Judge Hinds-Radix given Diversity Trailblazer Award by NYS Bar Association
Brooklyn Justice Sylvia Hinds-Radix received the 14th annual Diversity Trailblazer Award from the New York State Bar Association’s Committee on Diversity during the start of the committee’s annual meeting in Manhattan on Monday.
“Sometimes you hear people talking about your life and you hear all of the things you’ve done, and it’s a tremendously humbling experience,” said Justice Hinds-Radix. “This puts me on a list with people who I hold in such high esteem. The things they’ve done inspired me to reach back and help others, and this is a reminder that I must continue to do that.”
Justice Hinds-Radix, who was born in Barbados, was the first administrative judge in the Kings County Supreme Court of Caribbean descent and the first Caribbean-born judge in the New York Appellate Division.
The judge explained that she doesn’t really consider herself a true trailblazer, crediting her parents and other mentors in her career instead, but said that receiving the award reminds her of the importance of her work in helping to mentor younger attorneys and judges.
“Never in my wildest dreams did I think that I could sit on the Appellate Division, but I saw people like Hon. William Thompson do it, and I realized that it’s something that I can and should aspire to,” Hinds-Radix said. “In my career I didn’t do all of these things to get this label, but now that I have it, hopefully it will help someone realize that they also can aspire to be where I am.”
The award presentation occured after Justice Hinds-Radix, who sits in the Appellate Division, Second Department, took part in the Constance Baker Motley Symposium where she and a group of judges and attorneys discussed diversity and leadership in today’s legal profession.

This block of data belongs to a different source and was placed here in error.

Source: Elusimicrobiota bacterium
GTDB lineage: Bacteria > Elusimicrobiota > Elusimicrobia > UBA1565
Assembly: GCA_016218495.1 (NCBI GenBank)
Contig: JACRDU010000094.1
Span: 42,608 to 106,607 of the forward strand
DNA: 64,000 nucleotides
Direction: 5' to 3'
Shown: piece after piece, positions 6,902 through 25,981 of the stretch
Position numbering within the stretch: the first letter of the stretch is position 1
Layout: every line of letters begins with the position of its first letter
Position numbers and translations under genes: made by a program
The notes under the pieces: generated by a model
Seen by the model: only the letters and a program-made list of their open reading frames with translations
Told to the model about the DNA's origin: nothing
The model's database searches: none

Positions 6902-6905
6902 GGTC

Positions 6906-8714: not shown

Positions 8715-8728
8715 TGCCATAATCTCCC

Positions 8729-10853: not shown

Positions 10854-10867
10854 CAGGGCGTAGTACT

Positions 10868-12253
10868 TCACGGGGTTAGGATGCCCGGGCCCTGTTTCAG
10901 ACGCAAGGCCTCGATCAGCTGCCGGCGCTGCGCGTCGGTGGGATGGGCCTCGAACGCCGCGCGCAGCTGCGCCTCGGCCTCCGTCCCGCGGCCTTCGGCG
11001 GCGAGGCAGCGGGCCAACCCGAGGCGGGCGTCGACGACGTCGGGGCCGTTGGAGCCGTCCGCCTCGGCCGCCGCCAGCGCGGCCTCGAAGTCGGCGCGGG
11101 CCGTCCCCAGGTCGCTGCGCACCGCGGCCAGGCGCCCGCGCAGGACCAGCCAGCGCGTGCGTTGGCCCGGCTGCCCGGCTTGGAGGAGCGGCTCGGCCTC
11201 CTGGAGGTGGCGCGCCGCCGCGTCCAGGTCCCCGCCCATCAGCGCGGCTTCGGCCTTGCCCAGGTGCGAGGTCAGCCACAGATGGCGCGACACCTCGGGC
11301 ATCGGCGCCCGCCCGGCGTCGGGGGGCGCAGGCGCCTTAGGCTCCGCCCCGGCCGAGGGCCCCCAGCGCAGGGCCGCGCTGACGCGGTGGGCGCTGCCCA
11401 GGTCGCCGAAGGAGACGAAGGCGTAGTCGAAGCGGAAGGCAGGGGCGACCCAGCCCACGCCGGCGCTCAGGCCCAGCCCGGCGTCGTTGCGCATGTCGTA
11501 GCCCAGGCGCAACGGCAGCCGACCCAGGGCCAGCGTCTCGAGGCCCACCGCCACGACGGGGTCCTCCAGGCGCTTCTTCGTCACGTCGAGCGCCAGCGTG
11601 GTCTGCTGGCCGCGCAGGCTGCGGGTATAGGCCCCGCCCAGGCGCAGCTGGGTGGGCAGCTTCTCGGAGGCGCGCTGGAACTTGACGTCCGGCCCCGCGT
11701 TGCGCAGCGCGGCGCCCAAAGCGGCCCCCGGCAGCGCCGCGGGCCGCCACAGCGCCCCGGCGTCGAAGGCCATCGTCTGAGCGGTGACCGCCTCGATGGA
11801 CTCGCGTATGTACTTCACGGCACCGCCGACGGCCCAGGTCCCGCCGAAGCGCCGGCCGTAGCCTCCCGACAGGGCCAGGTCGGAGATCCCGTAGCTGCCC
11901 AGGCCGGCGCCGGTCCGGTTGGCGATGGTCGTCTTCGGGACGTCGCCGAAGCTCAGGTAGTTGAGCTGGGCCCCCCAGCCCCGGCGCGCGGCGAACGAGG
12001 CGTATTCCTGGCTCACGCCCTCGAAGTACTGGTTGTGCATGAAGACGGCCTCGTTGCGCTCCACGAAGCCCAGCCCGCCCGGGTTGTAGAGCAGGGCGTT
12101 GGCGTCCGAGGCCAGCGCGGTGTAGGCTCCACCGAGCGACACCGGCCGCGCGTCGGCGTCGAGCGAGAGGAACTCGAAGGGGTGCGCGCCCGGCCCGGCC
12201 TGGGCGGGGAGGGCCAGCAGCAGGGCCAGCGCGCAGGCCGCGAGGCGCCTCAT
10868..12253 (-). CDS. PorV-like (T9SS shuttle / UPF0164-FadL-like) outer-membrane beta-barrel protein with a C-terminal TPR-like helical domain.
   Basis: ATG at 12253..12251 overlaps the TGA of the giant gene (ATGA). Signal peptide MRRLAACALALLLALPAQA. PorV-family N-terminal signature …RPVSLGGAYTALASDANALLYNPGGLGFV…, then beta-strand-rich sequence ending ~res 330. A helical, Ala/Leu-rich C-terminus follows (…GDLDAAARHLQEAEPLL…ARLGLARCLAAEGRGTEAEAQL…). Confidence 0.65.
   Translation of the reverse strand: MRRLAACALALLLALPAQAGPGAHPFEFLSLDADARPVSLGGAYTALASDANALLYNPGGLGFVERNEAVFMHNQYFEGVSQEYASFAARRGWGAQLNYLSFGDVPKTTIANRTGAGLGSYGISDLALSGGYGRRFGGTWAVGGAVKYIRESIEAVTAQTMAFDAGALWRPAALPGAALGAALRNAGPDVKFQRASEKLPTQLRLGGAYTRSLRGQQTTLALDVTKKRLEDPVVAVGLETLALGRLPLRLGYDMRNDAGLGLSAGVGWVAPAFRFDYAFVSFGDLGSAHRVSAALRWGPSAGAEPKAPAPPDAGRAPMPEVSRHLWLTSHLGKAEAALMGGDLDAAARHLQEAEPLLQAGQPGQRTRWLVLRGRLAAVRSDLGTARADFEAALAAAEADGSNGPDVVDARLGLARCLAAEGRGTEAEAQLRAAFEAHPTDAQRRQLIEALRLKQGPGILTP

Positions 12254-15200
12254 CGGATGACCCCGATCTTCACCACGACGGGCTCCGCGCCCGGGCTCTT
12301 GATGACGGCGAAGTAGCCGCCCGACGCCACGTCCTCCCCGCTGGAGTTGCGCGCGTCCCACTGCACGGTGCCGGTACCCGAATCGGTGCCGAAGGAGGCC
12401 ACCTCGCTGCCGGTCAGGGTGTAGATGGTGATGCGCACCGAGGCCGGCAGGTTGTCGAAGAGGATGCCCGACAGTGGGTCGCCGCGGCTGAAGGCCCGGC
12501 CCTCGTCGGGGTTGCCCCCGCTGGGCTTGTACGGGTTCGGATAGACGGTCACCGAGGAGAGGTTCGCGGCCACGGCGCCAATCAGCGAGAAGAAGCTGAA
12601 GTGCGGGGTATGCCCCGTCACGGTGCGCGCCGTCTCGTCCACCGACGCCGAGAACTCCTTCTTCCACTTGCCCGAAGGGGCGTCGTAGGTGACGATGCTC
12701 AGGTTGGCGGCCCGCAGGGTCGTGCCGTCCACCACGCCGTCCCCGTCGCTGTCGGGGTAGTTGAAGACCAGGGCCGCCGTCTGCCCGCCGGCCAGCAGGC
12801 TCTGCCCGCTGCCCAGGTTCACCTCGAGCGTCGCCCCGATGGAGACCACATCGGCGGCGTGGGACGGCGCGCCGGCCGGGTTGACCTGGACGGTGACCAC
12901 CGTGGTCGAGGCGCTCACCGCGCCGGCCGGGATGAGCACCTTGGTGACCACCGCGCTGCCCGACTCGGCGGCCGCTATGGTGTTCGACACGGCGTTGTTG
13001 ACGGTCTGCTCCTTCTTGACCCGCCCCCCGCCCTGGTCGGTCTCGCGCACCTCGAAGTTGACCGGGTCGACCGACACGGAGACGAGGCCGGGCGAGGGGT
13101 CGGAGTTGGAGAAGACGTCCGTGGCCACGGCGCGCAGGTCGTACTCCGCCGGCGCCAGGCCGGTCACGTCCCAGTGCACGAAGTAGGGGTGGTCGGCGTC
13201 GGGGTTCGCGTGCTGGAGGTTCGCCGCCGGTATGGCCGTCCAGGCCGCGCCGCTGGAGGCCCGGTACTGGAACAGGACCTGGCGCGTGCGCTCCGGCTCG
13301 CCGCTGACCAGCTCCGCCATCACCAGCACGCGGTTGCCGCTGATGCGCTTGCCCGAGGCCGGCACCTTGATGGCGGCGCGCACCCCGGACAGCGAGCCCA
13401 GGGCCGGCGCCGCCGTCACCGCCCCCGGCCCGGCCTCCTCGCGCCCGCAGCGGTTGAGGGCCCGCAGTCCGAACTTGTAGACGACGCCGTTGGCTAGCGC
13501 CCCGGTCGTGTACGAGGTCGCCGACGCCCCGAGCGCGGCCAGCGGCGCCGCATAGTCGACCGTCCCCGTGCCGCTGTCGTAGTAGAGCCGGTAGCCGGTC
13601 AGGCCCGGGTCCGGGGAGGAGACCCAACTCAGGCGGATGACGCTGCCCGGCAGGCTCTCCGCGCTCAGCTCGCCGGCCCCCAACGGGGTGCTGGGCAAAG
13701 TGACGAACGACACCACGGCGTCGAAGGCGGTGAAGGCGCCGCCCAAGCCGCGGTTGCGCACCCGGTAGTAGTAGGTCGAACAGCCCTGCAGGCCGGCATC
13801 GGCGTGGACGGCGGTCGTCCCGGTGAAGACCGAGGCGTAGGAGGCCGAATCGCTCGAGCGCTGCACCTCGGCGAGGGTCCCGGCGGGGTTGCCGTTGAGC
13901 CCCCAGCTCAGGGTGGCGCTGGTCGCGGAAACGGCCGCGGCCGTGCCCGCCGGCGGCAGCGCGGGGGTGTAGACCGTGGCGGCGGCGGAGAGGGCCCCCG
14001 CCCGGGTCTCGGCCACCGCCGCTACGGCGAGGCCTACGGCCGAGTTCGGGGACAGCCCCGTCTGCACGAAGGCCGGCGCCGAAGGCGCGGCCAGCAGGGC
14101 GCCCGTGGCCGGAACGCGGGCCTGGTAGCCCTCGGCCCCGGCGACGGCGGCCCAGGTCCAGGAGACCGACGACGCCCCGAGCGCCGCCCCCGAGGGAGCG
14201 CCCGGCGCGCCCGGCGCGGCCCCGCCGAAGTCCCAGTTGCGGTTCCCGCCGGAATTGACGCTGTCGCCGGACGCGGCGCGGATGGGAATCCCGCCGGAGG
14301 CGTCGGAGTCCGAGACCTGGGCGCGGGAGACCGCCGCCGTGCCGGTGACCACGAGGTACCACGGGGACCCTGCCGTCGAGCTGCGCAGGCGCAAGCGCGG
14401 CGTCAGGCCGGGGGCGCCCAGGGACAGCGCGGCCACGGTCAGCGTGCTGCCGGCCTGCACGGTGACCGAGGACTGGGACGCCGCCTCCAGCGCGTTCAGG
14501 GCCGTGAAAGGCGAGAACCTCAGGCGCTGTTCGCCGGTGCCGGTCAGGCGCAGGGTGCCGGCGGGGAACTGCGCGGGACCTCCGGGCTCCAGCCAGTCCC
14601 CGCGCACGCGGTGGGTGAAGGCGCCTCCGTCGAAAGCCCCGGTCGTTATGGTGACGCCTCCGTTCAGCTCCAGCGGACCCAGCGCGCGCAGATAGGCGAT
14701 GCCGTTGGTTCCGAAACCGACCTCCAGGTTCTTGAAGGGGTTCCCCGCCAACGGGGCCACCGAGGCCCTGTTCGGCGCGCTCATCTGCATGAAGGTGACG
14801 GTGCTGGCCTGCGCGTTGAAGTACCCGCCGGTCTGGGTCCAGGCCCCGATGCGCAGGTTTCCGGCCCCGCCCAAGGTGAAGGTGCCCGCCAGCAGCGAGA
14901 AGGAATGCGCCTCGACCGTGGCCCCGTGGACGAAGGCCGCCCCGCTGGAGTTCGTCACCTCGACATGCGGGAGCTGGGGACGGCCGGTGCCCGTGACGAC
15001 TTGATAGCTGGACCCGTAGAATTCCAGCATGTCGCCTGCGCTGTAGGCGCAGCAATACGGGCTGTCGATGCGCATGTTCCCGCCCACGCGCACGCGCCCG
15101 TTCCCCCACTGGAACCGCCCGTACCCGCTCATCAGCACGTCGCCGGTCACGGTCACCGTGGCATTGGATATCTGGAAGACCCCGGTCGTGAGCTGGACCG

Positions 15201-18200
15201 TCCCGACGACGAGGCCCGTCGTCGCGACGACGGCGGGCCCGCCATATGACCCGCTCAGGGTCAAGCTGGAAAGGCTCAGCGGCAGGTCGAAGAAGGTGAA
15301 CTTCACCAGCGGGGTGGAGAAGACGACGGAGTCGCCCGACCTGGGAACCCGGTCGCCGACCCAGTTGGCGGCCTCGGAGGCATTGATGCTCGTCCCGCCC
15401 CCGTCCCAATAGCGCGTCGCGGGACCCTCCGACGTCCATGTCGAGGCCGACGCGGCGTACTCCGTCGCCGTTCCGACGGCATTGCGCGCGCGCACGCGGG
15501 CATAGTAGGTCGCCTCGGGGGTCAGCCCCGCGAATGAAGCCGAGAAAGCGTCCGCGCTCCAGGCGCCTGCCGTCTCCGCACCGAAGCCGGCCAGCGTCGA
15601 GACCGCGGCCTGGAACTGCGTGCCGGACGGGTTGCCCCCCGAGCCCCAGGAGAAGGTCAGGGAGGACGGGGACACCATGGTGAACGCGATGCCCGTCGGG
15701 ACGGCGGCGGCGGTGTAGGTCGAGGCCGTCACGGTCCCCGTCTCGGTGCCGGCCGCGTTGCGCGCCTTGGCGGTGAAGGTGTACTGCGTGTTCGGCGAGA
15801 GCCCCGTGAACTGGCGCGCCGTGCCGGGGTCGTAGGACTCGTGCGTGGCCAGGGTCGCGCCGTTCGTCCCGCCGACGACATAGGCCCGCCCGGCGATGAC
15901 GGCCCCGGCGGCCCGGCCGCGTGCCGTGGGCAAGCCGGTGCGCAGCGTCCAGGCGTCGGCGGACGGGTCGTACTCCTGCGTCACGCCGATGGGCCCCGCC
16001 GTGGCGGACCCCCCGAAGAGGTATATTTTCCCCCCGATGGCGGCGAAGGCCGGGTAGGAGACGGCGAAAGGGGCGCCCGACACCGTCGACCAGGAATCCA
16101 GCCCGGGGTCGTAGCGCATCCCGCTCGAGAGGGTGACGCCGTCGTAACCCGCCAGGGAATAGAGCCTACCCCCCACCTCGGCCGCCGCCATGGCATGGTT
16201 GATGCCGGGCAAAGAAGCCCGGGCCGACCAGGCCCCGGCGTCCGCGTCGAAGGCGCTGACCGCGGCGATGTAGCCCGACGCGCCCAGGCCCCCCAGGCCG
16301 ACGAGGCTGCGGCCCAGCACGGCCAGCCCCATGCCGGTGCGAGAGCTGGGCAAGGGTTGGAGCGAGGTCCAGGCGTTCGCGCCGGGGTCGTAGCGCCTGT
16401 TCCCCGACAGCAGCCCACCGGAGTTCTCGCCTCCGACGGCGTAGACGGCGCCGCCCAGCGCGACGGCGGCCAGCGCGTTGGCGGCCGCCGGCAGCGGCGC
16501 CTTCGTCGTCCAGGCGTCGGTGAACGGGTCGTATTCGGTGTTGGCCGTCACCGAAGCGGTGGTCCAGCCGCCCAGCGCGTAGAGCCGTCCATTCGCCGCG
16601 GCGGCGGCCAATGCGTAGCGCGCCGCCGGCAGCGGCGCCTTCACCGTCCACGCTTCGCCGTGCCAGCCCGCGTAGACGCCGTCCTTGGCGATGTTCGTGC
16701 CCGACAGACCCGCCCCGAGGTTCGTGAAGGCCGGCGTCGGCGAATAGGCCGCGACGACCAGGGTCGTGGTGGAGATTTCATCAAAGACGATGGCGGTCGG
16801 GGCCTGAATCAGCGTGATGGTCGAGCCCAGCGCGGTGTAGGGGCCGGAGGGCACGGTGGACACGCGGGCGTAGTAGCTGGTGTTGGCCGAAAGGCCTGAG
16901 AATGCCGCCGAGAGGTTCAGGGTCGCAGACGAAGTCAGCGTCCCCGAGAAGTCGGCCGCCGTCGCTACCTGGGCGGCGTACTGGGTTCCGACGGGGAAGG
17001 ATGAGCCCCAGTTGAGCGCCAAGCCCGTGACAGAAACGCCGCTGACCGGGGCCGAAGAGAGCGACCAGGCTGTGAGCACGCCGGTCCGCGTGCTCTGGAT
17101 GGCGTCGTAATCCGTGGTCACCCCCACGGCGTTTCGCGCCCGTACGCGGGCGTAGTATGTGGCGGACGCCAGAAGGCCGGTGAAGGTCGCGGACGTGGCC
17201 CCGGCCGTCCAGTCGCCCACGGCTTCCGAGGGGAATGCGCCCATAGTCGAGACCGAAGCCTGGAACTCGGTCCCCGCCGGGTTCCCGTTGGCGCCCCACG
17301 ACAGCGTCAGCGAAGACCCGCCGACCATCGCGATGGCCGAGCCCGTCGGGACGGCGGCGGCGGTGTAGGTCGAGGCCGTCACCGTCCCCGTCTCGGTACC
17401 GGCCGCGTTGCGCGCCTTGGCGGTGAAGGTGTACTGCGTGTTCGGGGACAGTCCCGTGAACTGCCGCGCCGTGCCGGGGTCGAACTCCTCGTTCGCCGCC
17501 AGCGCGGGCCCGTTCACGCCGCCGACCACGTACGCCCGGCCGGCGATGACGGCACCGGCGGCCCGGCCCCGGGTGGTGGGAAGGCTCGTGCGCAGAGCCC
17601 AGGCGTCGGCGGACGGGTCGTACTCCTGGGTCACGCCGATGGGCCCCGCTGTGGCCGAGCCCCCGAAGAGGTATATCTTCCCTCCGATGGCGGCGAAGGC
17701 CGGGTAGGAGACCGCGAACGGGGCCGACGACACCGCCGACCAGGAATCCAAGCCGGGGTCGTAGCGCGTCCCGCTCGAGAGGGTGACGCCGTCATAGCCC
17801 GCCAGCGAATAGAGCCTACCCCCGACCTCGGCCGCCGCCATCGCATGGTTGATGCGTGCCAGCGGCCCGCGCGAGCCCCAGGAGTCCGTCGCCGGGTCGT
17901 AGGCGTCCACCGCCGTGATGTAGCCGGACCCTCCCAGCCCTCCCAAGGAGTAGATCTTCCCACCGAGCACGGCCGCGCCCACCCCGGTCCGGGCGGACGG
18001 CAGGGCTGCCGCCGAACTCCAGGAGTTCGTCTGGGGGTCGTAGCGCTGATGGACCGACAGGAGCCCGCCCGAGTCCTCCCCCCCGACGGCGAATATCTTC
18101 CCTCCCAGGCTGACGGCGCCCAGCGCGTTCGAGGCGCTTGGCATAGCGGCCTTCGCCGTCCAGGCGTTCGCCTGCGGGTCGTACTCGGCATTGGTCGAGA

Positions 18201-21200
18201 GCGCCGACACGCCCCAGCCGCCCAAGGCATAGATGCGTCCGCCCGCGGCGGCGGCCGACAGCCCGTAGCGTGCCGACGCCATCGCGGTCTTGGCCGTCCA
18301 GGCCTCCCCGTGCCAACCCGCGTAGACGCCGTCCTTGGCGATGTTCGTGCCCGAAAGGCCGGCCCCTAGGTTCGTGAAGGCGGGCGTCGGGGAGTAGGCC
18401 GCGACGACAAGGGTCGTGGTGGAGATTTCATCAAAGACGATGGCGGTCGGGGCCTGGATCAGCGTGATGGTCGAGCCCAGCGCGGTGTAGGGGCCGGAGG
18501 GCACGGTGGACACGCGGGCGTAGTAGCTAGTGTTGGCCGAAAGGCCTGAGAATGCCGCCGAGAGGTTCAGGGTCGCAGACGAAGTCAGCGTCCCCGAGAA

After a brief few words from NYSBA President Michael Miller, Justice Hinds-Radix was introduced and given the award by Hon. Cheryl Chambers.
In her speech, Justice Hinds-Radix talked about coming from Barbados and the importance of immigration in the U.S. She also talked about the recently deceased Justice Thompson, whom she called “a true trailblazer.”
“His death leaves a gaping hole in our community, especially amongst African-American attorneys and jurists,” Justice Hinds-Radix said. “Justice Thompson was a mentor to every person of color who was elected or appointed to the bench. He paved the road for many, and his contributions will be remembered for decades to come. It is very important to state that today, in 2019, there are no African-American male Justices currently sitting in any of the four Appellate Divisions.”
While she highlighted the need for further diversity in the legal profession, she also spoke proudly of Attorney General Letitia James, the first black person elected to a statewide position in New York.
“This is historic — not only because she is the highest-ranking female and African-American in our state’s government, but it has sent a message to the nation and the world that women are powerful and can indeed make a positive change in our society and in our nation,” said Hinds-Radix. “Tish [James] is the epitome of what hard work and sacrifice can achieve, and she is an excellent role model for all young women.”
Justice Hinds-Radix said that the best thing about receiving the award was having her husband, who helped to run her first campaign for the bench in 2001, and her three children Jovia, Jeanneate and Josyl Radix by her side.
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